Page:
At first, curator Jasmine Moorhead seemed almost hesitant to leave me with San Francisco artist Shalo P in the small, dark room at the center of her downtown Oakland gallery, Krowswork (480 23rd St., Oakland). The artist and I were cross-legged on the floor, sandwiched by a boombox and a small amp, each of which contributed ambient noise to a gloomy, droning atmosphere that enveloped us. Pulling aside the black curtain of the screening room slightly and peeking in like a mom interrupting a session of make-believe, Moorhead decided that she should definitely leave, but not without a warning. “I’ll just preface this: It’s just that there’s a different type of spatial non-narrative that Shalo is more adept at bringing into the visual sphere than any person I’ve ever encountered,” she said. “That’s why I don’t want to be involved, because I’m gonna bring too much linearity to it — and that’s not where the magic is.”
Shalo P’s solo show currently at Krowswork is a three-part conceptual installation called Valley, made up of two video pieces and one room filled with illustrated pages from Shalo’s forthcoming graphic novel-like book of the same title. The concept behind the show is only barely there, although the gallery is filled with imagery — and that’s kind of the point. It’s loosely about voids and other empty, unbridled spaces — both physical and psychological — and the lush sensory worlds that mask those vacancies.
The central room of Valley, where Shalo and I sat, houses an approximately hour-long video piece called “Wilderness.” In it, a grainy, yellow background presents decontextualized snippets of text that point to a feeling, yet aren’t quite comprehensible. Like the totality of Valley, it makes the viewer feel as if there’s something more meaningful behind it that’s just out of reach, hiding just beyond the margins of the piece. And Shalo’s bewildering explanations are similar — poetically dancing around the concept of the show, pointing to philosophical substance too slippery to fully articulate. “A room can be a valley of sorts — an emptiness, a corner,” he said, explaining that we were sitting in one kind of valley. “I always liked the idea of the poetics of space. And pretty much, for me, the valley is imposing, it’s inviting, it’s lush, it’s a vast emptiness, it’s foreboding, it’s forbidding, it’s a conflux of viewpoints.”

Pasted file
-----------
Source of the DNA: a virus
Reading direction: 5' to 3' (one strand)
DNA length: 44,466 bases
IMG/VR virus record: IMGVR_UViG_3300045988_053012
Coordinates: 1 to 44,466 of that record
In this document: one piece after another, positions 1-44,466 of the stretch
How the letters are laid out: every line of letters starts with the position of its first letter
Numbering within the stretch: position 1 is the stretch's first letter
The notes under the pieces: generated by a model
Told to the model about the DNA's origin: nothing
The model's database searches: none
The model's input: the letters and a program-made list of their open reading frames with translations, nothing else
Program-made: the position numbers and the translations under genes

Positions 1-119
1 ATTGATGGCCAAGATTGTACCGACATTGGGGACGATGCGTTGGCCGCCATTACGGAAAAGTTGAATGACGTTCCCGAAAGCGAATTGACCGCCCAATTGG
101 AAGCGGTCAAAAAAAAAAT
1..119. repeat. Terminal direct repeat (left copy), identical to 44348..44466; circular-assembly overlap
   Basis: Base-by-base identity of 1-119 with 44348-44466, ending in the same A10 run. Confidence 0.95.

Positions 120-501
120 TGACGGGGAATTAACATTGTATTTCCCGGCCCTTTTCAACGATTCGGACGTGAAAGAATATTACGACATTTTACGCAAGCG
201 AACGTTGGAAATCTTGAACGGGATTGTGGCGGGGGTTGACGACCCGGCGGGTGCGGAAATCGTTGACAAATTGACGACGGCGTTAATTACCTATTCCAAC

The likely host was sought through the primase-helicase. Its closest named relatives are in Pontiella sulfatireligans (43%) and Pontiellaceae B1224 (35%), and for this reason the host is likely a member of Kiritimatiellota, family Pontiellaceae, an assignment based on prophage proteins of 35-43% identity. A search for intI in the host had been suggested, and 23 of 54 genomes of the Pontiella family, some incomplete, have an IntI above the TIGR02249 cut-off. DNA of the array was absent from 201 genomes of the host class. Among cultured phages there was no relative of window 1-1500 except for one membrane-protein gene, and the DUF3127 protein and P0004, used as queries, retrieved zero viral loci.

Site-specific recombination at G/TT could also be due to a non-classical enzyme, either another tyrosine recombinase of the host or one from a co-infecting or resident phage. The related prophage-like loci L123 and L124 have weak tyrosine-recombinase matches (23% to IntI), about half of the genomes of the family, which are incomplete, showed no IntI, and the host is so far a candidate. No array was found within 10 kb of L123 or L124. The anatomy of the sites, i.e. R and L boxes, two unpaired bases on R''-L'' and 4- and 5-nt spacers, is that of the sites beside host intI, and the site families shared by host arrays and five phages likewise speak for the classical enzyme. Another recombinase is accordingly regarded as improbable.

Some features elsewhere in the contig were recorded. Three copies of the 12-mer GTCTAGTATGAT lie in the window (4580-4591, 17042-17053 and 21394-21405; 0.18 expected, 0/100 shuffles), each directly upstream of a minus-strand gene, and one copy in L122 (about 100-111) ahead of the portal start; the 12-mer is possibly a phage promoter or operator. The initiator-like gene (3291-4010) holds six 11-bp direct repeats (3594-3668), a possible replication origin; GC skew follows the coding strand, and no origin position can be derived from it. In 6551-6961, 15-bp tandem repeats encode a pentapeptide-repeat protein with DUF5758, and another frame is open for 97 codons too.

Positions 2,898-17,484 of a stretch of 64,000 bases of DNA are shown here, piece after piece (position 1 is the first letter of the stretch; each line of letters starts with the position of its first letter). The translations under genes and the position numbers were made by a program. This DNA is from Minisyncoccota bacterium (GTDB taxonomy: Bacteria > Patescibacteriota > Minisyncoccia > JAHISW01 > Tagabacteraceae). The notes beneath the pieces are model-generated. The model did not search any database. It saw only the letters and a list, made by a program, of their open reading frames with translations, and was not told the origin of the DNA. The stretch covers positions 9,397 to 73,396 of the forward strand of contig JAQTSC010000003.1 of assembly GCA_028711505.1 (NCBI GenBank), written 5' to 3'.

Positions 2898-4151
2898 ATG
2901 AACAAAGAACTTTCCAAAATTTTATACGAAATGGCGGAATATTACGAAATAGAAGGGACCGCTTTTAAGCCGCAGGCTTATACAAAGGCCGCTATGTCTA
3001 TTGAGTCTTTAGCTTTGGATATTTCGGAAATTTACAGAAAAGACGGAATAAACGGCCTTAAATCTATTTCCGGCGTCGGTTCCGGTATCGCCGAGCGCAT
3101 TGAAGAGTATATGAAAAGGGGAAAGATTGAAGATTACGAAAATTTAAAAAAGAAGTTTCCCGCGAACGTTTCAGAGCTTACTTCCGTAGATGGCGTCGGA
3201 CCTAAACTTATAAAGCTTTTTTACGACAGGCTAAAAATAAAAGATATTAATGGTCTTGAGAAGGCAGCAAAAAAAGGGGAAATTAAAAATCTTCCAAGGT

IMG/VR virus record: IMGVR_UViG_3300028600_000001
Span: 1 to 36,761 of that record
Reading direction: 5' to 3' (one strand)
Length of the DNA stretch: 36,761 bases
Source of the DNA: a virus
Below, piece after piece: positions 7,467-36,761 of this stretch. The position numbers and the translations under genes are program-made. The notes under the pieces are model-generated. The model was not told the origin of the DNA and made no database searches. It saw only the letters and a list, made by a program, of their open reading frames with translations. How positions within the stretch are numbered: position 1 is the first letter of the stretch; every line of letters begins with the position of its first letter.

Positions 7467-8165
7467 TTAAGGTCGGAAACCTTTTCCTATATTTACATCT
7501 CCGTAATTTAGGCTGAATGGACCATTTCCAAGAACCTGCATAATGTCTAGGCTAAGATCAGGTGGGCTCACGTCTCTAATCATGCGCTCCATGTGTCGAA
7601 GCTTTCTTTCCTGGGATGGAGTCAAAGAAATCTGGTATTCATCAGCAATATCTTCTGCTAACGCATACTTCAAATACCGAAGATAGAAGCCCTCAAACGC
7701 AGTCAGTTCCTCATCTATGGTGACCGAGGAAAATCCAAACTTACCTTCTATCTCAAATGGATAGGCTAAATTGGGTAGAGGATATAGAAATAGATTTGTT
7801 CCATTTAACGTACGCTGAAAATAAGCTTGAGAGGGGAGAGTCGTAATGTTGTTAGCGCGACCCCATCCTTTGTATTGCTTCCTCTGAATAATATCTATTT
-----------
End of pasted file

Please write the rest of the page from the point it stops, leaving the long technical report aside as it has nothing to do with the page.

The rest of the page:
The rest of the show is more narrative, yet not necessarily easier to grasp. A seventeen-minute film called The Spy plays in the gallery’s largest room, which offers church pews for seating. It’s an odd, tragic love story told through the narration of a British man and paired with found footage, mostly of sublime natural landscapes. The story makes references to a secret society and ominous characters like “The Red Ghost.” These are culled from Shalo’s ongoing video series called “Television for Ghosts” (hosted on Vimeo) which he has been making for ten years. Again, these present enough context to draw you in, yet not enough to allow you to fully comprehend what’s going on. “It’s a coalescence of patterns of information that I visualize as weather, that I visualize as river, as a sort of terrarium but very liquid — liquid cinema,” as Shalo described it.
After talking to Shalo, it’s clear that every piece in Valley is one of his attempts to welcome others into a dense conceptual world that he has been inhabiting for years — a kind of alternate reality that, for him, is not “fictional,” but rather a creative expression of philosophical concepts regarding the human experience that are rooted in something very real. The mysterious messages he offers from the other side elicit both curiosity and apprehensiveness, as if Shalo is waiting in a dark void, beckoning you to join him. And the only way to begin to appreciate his sentiments is to embrace bewilderment and enter with full emotional openness.
Shalo will be giving a tour of Valley on October 31 at 4:30 p.m. Specifically, he’ll be sharing narrative components of the work that aren’t in the show, and giving a tour of “Medusa Lake,” a mysterious landmark within its underlying narrative landscape. If you want it to be, it could be the most otherworldly experience offered this Halloween.